Birds-of-paradise have feathers so dark that they absorb almost all light
A new study shows why birds-of-paradise evolved their jet black feathers.

Joseph Scalise | Apr 19, 2018

A team of researchers from various U.S. universities have discovered why birds-of-paradise evolved such dark feathers, a new study published today in Nature Communicationsreports.

Birds-of-paradise are known for their unique mating dance, where they hop around and flash their feathers in order to attract a mate. Their coloration is a big part of that dance. Their feathers have spots of color, but they are mostly black.So black, that scientists in the study did not believe the bird's coloration came from pigment alone. Rather, they think the species evolved "super black" feathers that make bright hues stand out even more.

"In this case it's sexual selection," said lead author Dakota McCoy, a researcher from Harvard University, according to Gizmodo. "Males are trying to attract femalesin these birds, females pick who they want to mate with. A single feather askew is enough for them not to mate. It's like an arms race. Males have to find ways to make their colors look even better to the female."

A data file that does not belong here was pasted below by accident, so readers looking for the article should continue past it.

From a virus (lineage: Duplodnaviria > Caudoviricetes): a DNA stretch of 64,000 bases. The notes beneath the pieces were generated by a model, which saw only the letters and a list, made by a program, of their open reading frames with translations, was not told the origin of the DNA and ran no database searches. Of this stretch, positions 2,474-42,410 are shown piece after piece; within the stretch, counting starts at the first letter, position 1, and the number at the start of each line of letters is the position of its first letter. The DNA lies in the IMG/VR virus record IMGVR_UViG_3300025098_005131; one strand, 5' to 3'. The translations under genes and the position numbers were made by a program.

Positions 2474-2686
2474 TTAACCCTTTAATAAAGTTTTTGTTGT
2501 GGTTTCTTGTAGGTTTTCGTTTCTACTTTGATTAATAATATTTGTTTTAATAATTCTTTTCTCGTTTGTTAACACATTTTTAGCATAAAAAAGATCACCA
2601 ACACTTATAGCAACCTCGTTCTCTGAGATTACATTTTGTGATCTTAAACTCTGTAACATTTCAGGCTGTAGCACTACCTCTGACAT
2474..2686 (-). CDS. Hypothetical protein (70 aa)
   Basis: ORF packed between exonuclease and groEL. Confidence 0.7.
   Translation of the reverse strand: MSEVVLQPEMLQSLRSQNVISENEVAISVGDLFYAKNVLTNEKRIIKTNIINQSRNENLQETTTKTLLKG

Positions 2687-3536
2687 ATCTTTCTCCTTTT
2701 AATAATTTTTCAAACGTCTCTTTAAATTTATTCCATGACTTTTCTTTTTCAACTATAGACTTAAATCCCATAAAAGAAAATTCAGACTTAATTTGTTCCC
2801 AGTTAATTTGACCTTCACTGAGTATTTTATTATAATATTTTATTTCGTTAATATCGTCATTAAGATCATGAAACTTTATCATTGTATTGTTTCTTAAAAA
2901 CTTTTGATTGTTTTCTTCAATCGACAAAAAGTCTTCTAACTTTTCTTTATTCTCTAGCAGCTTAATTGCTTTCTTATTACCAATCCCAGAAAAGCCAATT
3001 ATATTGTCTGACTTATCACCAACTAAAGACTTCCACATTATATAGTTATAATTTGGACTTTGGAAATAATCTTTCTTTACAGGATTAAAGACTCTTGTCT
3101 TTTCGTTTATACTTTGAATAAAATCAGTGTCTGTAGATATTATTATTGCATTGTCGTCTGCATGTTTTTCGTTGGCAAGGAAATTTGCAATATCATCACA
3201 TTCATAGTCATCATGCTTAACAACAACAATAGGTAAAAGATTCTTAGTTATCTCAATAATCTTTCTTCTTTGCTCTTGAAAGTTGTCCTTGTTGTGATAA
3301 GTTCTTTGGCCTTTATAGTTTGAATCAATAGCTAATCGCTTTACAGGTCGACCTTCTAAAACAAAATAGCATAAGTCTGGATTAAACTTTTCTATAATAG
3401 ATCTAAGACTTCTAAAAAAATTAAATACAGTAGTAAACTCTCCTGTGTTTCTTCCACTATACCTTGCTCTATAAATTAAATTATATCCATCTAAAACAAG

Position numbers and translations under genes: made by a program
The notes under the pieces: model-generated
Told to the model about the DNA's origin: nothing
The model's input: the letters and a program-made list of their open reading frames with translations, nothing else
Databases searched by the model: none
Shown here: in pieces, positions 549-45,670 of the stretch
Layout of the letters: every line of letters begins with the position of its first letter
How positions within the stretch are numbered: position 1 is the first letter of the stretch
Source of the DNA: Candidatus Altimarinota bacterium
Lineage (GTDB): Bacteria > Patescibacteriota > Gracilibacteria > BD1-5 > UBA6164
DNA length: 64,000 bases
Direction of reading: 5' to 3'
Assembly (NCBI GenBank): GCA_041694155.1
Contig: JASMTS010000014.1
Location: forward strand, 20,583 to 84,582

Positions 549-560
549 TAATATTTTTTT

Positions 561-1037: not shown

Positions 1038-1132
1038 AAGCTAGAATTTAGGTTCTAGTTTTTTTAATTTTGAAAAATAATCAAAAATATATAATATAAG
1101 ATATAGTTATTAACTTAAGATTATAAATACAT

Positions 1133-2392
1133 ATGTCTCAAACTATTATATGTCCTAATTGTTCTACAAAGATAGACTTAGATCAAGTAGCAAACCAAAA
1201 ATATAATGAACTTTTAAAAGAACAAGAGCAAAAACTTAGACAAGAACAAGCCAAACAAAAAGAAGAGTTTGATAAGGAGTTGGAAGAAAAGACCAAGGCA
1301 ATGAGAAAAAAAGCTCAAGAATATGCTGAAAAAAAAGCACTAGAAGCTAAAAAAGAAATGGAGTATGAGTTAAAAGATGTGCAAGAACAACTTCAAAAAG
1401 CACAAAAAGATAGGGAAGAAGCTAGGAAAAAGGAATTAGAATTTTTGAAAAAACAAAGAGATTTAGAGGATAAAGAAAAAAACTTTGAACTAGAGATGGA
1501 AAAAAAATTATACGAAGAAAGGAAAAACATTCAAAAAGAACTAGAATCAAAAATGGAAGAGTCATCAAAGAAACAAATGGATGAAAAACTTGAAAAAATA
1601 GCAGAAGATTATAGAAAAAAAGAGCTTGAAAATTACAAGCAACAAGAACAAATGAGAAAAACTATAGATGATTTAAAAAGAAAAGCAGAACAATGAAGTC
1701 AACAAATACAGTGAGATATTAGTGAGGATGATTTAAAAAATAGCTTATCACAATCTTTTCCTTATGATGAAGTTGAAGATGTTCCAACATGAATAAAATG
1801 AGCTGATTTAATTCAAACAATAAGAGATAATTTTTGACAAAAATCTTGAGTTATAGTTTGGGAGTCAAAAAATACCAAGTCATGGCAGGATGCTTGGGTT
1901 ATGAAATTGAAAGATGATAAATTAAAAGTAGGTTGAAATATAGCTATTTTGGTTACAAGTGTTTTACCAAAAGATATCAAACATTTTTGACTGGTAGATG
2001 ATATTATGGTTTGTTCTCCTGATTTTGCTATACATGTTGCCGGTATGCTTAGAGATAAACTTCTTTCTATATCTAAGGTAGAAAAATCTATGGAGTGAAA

The team reached this conclusion by using scanning electron microscopes and CT scanners to observe the differences between regular-black and super-black feathers. They found that, while regular black feathers simply have single barbs attached to a main stem, super-black feathers are covered in tiny spines.

Those small structures are important because they have the same "structural absorption" as manmade super-black materials, which means the feathers absorb 99.95 percent of light shined at them.

"This is definitely not about camouflage," said Matthew Shawkey, an evolutionary biologist at Ghent University in Belgium who was not involved in the study, according to Scientific American. "This super-black plumage is enhancing the contrast with those bright-colored feathers nearby."

This research is important because it provides new information on super-black structures. The team believes the research could lead to cheaper materials and one day create more cost effective textiles and solar panels.

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